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#2068295 - 04/21/13 10:49 PM How to fix "sticky keys" on a digital piano keyboard
Lelax Offline
Full Member

Registered: 03/29/12
Posts: 42
My digital piano is about one year old. I practice for about 2hrs per day on it. In the past month or so one and only one of the keys is exhibiting "sticky key syndrome." G-sharp below middle-C will sometimes stay down when released. I can get it to release by tapping it once.

I'm guessing that some foreign object fell into the keyboard or some dust has built up under the key. I've tried using a good vacuum cleaner with brush attachment on the affected part of the keyboard and "working" the keys up and down. This works temporarily, but the problem comes back in a day or so.

I'm thinking about a next step. Namely, remove the cover and access the keyboard bed. Then use some canned air to blow away any dust, grit, wood chips, dead bugs, or whatever.

Suggestions welcome. I will report back if it works.

I believe the keyboard is still on warranty, but I'd rather fix it myself if possible.

Cheers from Palm Springs CA


Click Here

#2068297 - 04/21/13 10:53 PM Re: How to fix "sticky keys" on a digital piano keyboard [Re: Lelax]
Marko in Boston Offline
1000 Post Club Member

Registered: 11/30/12
Posts: 1332
Loc: Boston, Massachusetts
What is the brand and model of your digital piano?

#2068450 - 04/22/13 03:38 AM Re: How to fix "sticky keys" on a digital piano keyboard [Re: Lelax]
spanishbuddha Online   content
2000 Post Club Member

Registered: 11/08/09
Posts: 2981
Loc: UK
Based on other posts I think the OP has a Casio PX130. So a hammer weighted keyboard.

Is it under warranty? If so get it serviced.

If not, then as you say something may have lodged in there preventing the key returning, or there is some mechanical damage, rubbing, misalignment. Hard to imagine the grease has become too hard in one year or so. Open it up, clean it out taking care, diagnose the problem, fix it if possible, then check all other keys whilst there.

If uncertain give Casio a call and get a quote for a service and fix.

Finally, get a keyboard cover and stop eating, drinking, whilst playing. wink

#2068599 - 04/22/13 11:17 AM Re: How to fix "sticky keys" on a digital piano keyboard [Re: spanishbuddha]
Lelax Offline
Full Member

Registered: 03/29/12
Posts: 42
Ty for the encouragement. Yes, its a PX-130 mounted in the CS-67 console frame with the three pedal unit attached. No, we do NOT eat, drink, or allow animals, near the instrument. Heaven forbid! I will probably get to the repair project later this week. Should not be too difficult to fix this baby.

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#2068647 - 04/22/13 12:49 PM Re: How to fix "sticky keys" on a digital piano keyboard [Re: Lelax]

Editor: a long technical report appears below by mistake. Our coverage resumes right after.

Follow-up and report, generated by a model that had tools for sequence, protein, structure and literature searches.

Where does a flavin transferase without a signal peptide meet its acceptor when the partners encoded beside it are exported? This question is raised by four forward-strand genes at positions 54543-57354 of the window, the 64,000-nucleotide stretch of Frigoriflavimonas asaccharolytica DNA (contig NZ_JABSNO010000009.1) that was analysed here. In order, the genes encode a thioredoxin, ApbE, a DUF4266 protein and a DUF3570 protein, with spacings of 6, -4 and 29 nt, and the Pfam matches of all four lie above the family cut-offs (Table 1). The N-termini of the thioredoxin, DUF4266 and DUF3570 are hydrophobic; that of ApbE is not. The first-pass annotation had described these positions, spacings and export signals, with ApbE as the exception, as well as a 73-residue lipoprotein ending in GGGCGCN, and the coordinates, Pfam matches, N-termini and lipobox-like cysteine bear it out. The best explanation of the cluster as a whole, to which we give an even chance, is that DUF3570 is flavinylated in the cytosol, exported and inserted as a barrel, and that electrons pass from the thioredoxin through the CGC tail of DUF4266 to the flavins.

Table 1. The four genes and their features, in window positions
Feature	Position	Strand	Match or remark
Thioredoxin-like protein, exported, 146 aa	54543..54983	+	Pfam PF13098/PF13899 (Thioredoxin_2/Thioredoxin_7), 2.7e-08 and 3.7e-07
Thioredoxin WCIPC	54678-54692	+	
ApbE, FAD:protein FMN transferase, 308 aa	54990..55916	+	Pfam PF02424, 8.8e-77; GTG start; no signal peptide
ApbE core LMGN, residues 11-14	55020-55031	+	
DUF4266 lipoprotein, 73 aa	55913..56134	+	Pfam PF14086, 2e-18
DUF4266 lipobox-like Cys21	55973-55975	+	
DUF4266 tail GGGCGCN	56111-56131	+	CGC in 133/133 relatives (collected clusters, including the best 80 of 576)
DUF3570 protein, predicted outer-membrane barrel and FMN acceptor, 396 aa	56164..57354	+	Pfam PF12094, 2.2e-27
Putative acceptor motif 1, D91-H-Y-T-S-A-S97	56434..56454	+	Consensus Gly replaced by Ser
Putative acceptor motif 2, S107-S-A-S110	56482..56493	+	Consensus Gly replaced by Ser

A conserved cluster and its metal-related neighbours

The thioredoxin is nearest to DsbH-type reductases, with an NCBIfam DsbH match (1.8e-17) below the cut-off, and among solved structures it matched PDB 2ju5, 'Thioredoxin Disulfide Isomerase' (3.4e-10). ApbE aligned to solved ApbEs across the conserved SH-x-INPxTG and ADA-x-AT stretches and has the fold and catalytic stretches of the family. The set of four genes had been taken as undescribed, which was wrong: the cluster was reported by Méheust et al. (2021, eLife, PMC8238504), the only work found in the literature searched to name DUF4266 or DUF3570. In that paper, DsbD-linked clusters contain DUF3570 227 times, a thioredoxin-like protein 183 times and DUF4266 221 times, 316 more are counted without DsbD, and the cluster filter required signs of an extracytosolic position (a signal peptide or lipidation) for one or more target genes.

Vectistim Offline
Full Member

Registered: 06/17/10
Posts: 318
Loc: Reading, UK
Whilst under warranty, get them to do it - no risk that way. If you take it apart and mess it up that's a rather different situation.

#2068662 - 04/22/13 01:33 PM Re: How to fix "sticky keys" on a digital piano keyboard [Re: Lelax]
Lelax Offline
Full Member

Registered: 03/29/12
Posts: 42
Good point. Although it seems such a minor problem. Probably just a bit of dust or something. Just needs a bit of cleaning. TY for the suggestion. Maybe I should give the good people at CASIO a call, before undertaking the job.

#2068756 - 04/22/13 03:48 PM Re: How to fix "sticky keys" on a digital piano keyboard [Re: Lelax]
galaxy4t Offline
500 Post Club Member

Registered: 08/28/08
Posts: 866
Loc: Lakewood, CA
Something is impeding the operation of the key or hammer. I would call Casio support or take it to one of their authorized repair centers.

#2078486 - 05/06/13 06:19 PM Re: How to fix "sticky keys" on a digital piano keyboard [Re: Lelax]
Lelax Offline
Full Member

Registered: 03/29/12
Posts: 42
More on The Digital Piano Repair Saga. Looked for a repair guy who would fix a sticky key on my CASIO Privia PX-130... we were successful. Online search and follow-up phone calls yielded one factory authorized service store: "The Time Machine" in Montrose CA. Montrose is a 120 mile drive (through LA area Freeway Traffic) from my home. Since it's unlikely they can fix the problem while I wait, we are looking a four such trips including dropoff and pickup. Roughly 500 miles total travel. Plus meals, wear and tear on the vehicle, parking fees, and the cost of the repair itself. Call the total cost of repairs and travel $200+$400 = $600. Which is the price we see advertised for a new PX-150. Hence....

It seems the best option is to purchase a new PX-150 and throw the sticky key stricken PX-130 into the dumpster. Amazing but true.

Given this situation, perhaps it is indeed wise to go to Step 1: Attempt to fix the problem myself at home. If the PX-130 dies on the operating table, we proceed to Step 2: Pay for a newer better model with the cash saved.

Note to future generations: Buy stuff that's repairable by the owner-user.

#2078535 - 05/06/13 08:12 PM Re: How to fix "sticky keys" on a digital piano keyboard [Re: Lelax]
LesCharles73 Offline
500 Post Club Member

Registered: 03/24/07
Posts: 744
Loc: Denton Texas
Nothing in consumer electronics is user serviceable. Been that way for years. So, never buy anything? Haha. UL listings are similar. Once you go and modify or repair something that is UL listed, you risk voiding that listing. Not always the case, but it can happen.